“The first scrimmage you want to get out there and see what you know without the coaches being right there in your ear, telling you plays,” senior running back Jalston Fowler told Torrence.

“Everyone’s looking forward to that first scrimmage to get that coach out of your ear and see what they can do on their own,” he said.

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Alabama Football: Who Will Be the New Leader of the Tide's Offensive Line?

He can laugh about it now, but Ryan Kelly’s first real hit during a University of Alabama football practice was about as memorable as it gets because he really doesn’t remember much of what happened after.

“I got destroyed by Dont’a Hightower,” he said. “My first concussion in college.

“I was out for like a week-and-a-half. When you’re a freshman, coming up, that’s kind of hard to take in. I wanted to prove myself. Things happen. It’s called football.”

Kelly doesn’t take the concussion side of it lightly, far from it, and said it’s the only one he’s had at the Capstone. But there aren’t too many players on the Crimson Tide who can tell a Hightower practice story, or of the guys who were first-round picks from 2011 NFL draft: Marcell Dareus, Julio Jones, James Carpenter and Mark Ingram.

Fifth-year senior right tackle Austin Shepherd can.

While it’s still a little weird for him not to be lining up next to his good friend Anthony Steen, who played in 51 games and made 34 starts at right guard, he’s now considered one of the old men of the Crimson Tide—a role only reinforced by his ability to win any beard-growing contest with ease.

“I've been here five years,” he said. “It's been a while, but I love it.”

It goes without saying that Cyrus Kouandjio’s departure at left tackle resulted in a huge hole on the Crimson Tide offensive line, but just as important this spring is finding players to fill the leadership void too.

While there are three starters returning, none have been so for more than a year. Alabama also lost a couple of key reserves in Kellen Williams and Chad Lindsay.

Additionally, there was working with a new line coach last season, Mario Cristobal, the recent addition of Lane Kiffin as offensive coordinator and the steady arrival of prize recruits. Consequently, there’s been very little continuity at the position group that may covet it the most.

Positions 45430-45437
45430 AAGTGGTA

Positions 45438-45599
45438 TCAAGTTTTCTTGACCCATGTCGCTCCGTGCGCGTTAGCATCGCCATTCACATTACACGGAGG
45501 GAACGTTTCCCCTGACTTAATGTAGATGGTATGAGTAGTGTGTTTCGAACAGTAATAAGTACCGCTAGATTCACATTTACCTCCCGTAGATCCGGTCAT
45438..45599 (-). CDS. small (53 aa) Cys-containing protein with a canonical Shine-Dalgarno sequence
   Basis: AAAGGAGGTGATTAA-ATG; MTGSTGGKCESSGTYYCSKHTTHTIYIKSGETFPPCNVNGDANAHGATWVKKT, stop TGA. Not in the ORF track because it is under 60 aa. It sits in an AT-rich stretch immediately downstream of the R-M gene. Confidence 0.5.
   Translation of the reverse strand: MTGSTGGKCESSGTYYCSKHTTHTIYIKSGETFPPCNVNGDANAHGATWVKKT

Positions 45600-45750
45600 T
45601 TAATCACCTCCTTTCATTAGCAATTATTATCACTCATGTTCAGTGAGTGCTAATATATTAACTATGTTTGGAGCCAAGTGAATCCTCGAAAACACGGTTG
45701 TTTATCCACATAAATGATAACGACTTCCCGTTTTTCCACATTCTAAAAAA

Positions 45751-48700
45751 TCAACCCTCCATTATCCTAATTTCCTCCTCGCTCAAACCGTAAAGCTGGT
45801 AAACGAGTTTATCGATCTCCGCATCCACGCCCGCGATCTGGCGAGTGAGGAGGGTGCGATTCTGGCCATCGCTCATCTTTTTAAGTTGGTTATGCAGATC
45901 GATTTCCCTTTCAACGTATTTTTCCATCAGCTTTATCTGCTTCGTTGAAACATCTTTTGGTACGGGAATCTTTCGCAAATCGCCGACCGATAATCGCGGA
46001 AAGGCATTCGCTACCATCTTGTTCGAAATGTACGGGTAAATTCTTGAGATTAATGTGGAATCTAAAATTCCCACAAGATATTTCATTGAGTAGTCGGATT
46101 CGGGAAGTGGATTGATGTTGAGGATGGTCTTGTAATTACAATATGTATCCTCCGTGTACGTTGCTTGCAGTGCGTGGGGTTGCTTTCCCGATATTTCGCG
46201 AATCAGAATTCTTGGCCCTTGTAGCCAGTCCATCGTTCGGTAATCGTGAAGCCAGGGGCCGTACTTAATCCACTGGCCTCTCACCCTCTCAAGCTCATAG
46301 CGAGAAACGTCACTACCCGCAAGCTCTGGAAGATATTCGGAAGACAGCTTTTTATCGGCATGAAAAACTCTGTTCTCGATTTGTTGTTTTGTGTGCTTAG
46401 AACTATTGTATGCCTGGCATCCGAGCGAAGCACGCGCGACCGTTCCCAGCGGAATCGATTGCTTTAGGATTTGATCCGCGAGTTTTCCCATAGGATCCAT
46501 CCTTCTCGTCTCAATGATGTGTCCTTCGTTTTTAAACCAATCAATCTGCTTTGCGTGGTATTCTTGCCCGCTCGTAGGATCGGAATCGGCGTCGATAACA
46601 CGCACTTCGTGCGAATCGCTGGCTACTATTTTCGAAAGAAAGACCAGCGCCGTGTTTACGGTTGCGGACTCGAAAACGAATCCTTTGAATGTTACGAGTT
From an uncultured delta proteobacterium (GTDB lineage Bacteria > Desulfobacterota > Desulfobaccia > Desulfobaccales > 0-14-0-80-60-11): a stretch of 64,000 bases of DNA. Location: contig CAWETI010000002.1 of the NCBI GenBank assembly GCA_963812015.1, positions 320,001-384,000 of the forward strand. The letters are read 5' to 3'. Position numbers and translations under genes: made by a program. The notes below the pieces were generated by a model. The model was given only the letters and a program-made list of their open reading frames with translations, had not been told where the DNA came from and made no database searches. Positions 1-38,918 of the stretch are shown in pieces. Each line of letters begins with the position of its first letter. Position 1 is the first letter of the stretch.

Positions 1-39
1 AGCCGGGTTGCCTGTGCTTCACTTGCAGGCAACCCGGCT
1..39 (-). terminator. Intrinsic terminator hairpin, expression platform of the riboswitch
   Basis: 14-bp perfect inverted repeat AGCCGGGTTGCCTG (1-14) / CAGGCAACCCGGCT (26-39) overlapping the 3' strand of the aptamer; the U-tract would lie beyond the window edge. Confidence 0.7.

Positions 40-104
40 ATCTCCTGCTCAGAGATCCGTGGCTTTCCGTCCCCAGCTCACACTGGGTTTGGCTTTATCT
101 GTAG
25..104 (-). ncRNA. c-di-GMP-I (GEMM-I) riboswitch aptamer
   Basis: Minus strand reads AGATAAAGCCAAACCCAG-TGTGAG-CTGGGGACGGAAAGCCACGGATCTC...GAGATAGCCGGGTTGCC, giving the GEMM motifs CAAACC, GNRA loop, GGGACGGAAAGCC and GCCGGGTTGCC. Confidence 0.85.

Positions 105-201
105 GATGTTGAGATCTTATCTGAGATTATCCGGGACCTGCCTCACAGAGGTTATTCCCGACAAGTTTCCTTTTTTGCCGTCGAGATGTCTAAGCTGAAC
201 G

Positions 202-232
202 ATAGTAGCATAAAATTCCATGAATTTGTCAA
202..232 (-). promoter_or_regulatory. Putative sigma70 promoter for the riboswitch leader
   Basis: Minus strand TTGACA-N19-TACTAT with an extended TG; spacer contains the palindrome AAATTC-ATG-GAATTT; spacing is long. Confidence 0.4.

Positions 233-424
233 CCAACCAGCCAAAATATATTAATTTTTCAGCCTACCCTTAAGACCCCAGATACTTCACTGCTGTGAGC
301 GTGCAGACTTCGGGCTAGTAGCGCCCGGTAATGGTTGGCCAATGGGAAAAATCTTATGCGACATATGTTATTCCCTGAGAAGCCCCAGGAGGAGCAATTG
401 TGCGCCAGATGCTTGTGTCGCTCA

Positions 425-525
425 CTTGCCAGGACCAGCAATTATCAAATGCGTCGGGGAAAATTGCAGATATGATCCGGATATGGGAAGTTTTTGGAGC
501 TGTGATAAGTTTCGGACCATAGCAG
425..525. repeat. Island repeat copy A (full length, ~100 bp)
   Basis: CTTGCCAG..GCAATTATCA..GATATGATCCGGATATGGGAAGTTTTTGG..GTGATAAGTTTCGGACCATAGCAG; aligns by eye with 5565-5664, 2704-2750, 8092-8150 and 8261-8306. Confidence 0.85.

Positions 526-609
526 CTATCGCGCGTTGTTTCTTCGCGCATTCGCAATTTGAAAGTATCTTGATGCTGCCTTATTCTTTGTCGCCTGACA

“It’s just different playing with new guys,” Kelly said. “But obviously here that’s something we’ve been pretty successful in reproducing.

“This is a big spring. A lot of guys rotating, just kind of getting the camaraderie. They had to adjust to it when I came in there too.”

As the Crimson Tide prepares for their first spring scrimmage scheduled for Saturday, most of the personnel changes on the offensive line have been minimal thus far. Senior Arie Kouandjio is still at left tackle. Senior Leon Brown, who filled in for Steen in the Sugar Bowl, is getting the first look at left tackle, with massive sophomore Alphonse Taylor (6'5", 335 pounds) likewise at right guard.

“He’s actually really athletic, can bend really well and he’s got a lot of power,” Shepherd said about Taylor. “I think this spring’s going to be really big for him.”

With there being only one center on the roster until the summer, redshirt freshman Bradley Bozeman has been snapping the ball with the second unit, while Grant Hill is working there some as well. The sophomore who played in five games last season is still primarily a tackle but could probably play anywhere on the line and continues to draw the praise of teammates.

Meanwhile, on the left side reserve Brandon Greene has moved back from tight end and early enrollee Cam Robinson (6'6", 335), the fourth-overall prospect in the nation, according to 247Sports’ composite rankings, is beginning to learn the college game.

Robinson’s situation may be similar to Kouandjio’s, as he too came in highly regarded and physically imposing but needed a little time to adjust. He was coming on strong and making a serious push to start midway thought his freshman season before sustaining a knee injury.

“He’s got a lot of ability,” Shepherd said about Robinson. “Anytime you’re coming from high school to college it’s going to take a while to kind of get acclimated to it. Older guys have been helping him along the way, kind of showing him the ropes, because it can be eye-opening at times, coming from high school to college.”

All the more reason for the leadership to get established and for the veteran players to act the part even though there’s no guarantee that the starting five this week will still be so at the end of spring or during training camp.